First .... your educational attainments merely get you a ticket to the dance. They get you into the corporation but, once in, they are generally pretty worthless. It is what you do at work that matters then.

Second .... you need to be good technically. In other words, you have to be excellent at the job you have been hired to do. That, alone will not get you ahead but not being good at it will get you marked down.

Third .... you need to be good with people. You need to be personable, popular and articulate. You need to be able to manage down ... and up. In other words, learn to manage your bosses. Corporations are social entities as well as being commercial entities. Learn the culture, play the game and network with a vengeance.

Fourth .... you need a good business head on you. In some corporations that means being able to sell while in others it means a very strong awareness of what makes the corporation successful. Understand the strategy and be able to articulate it. Understand who actually runs the corporation (e.g. IBM has always been run by sales guys while Altria has always been run by marketing).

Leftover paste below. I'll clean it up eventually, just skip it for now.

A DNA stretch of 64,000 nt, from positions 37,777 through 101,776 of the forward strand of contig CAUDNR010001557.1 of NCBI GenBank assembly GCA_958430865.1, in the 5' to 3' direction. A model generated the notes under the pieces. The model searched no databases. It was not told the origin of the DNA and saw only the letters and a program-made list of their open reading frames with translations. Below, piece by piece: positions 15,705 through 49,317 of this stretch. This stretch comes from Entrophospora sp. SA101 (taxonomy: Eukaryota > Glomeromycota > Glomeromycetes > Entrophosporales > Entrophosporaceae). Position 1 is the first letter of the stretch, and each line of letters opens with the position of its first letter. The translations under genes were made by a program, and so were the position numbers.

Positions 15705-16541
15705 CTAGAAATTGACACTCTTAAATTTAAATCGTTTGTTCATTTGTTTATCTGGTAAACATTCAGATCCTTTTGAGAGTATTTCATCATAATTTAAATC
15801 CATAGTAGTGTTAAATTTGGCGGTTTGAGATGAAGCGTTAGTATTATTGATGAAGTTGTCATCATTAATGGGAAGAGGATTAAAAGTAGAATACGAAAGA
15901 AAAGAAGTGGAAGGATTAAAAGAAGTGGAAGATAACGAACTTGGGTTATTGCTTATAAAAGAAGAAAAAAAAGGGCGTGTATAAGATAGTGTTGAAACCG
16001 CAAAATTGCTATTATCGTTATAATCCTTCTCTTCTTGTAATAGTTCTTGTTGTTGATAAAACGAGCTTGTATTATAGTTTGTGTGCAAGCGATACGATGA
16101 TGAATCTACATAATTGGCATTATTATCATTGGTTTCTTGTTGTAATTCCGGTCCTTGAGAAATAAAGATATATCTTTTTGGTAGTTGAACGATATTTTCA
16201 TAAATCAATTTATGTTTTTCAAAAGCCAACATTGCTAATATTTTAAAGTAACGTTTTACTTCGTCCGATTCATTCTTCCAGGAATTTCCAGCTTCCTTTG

Fifth .... work ethic matters to the baby boomers who are actually running the business. While they will tolerate and pay lip service to work-life balance, they don't really mean it. As they are in control you need to play by their rules.

Six .... pay attention to detail, ask questions once and get it right first time. Make yourself the person that managers want to have working for them. Always operate at the level above your pay grade.

Seven .... don't be shy about detailing your achievements but do it in a way that does not make you sound arrogant. Make sure you work a lot of hours and charge every hour.

Finally .... most organizations wear business casual. That is not the same as business sloppy. Pay attention to what you wear and how you are groomed. Always look professional and always wear a jacket. It really does make a difference.

Hope the above helps.
Wow, thanks for the invaluable advice

Quick question, though, if you were to do it all over again, would you have gone into your profession, or would you have wanted to pick something else?